Home Winery And Sommelier

Table of Contents

Wine Making: The Steps It Takes
Wine Making: Your First Fermentation
Wine Making: Your Second Fermentation Cycle
Wine Making: The Sediments And Racking
Wine Making: The Final Step
Self Made Wine Labels
Everything About "Water Of Life", Whiskey
Scotch - The Taste Begins Here! A Blue Labeled Gossip
Bourbon - The Early Days
American Scotch Whiskey
Worldwide Whiskeys - Trivia That Any Whiskey Lovers Must Know About
Ageless Secret Of Whiskey - Discover The Rich History
The Basics Of Chardonnay - An Introduction To A World-Class Wine
Ice Wine - A Glance Champagne Racks Champagne At A Glance Home Made Beer
Beer Brewing
Microbrews And The Famous Anheuser Busch - Fascinating Facts About Rivals In The Beers
Home Microbrewery: What Is It?
Home Microbrewery: Is It Worth the Time? Home Microbrewery: Trying Different Flavors Home Microbrewery: The Brewing Process
Home Microbrewery: How To Choose Your Supplies
Home Microbrewery: Should I Use A Kit?
Home Microbrewery: A Great Gift For Your Guy Home Microbrewery: Cooking With Your Brew Home Microbrewery: Running Your Own
Home Microbrewery: Finding A Quality Kit


Wine Making: The Steps It Takes making wine is something that you can and should be doing. If you enjoy wines you’ll enjoy making them yourself. Accomplishing this process is one that will please anyone who has a bit of creative energy and anyone that wants to really experience the process. The first step ofmaking wine is to get the flavor of the fruit from within the fruit into your wine. You can use grapes or many other types of fruit, depending on what you would like the wine to taste like.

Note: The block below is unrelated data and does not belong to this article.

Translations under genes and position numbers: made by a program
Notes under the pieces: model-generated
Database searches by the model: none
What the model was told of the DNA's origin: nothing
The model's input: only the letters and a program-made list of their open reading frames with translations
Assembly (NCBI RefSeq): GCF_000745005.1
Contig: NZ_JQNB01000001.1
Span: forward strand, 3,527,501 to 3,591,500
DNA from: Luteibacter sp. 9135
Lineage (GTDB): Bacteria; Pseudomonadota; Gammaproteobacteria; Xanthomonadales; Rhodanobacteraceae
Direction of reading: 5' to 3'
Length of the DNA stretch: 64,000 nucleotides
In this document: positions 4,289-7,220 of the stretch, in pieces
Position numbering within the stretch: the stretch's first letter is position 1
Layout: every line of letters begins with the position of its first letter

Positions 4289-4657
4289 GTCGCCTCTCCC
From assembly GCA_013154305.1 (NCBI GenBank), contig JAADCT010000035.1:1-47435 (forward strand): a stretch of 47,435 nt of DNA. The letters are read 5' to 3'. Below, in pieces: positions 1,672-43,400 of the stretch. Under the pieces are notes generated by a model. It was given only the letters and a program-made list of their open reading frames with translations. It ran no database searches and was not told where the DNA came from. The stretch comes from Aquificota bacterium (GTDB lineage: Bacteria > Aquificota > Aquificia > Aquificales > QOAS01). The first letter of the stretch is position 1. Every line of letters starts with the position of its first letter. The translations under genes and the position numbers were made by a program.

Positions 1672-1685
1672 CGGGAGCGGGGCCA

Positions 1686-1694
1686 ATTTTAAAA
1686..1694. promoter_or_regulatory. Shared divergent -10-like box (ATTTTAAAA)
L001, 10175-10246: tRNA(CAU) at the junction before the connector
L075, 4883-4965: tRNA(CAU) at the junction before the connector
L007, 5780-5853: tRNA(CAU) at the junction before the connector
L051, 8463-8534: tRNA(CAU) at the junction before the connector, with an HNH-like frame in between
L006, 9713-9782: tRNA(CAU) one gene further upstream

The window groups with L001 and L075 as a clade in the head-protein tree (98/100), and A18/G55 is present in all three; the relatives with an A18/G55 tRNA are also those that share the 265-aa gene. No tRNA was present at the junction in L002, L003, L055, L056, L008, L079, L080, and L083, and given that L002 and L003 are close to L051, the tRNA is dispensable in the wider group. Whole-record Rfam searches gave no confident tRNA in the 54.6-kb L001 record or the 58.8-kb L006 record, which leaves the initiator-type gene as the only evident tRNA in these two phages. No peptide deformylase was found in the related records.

To extract the flavor, most commonly, the fruit is pressed. Most fruits, besides that of a citrus fruit can be pitted (if necessary) and pressed. But, there are other ways to get the fruit from the wine as well. For example, another option would be to use cold maceration. To do this, the fruit
is first crushed and chopped. Then it is added to its fermentation vessel and all of the ingredients from the recipe that will be used such as the sugar and waters will be added. It must then be set aside for eight hours. Once pectin enzyme has been added and mixed well, the wine must be refrigerated for up to two days, no less than one. When it is brought up to room temperature, more ingredients are added and stirred in before the yeast is added. There are other ways that the fruit that you plan to use in your wine making can have the fruit’sflavor extracted including crushing, boiling, chopping and cutting. Pressing and even soaking
the fruit can be used as well. When you select a method you will want to insure that your recipe is adjusted for that specific method. Some recipes are designed to work with a certain method ofextraction to gain the type of flavor that is necessary.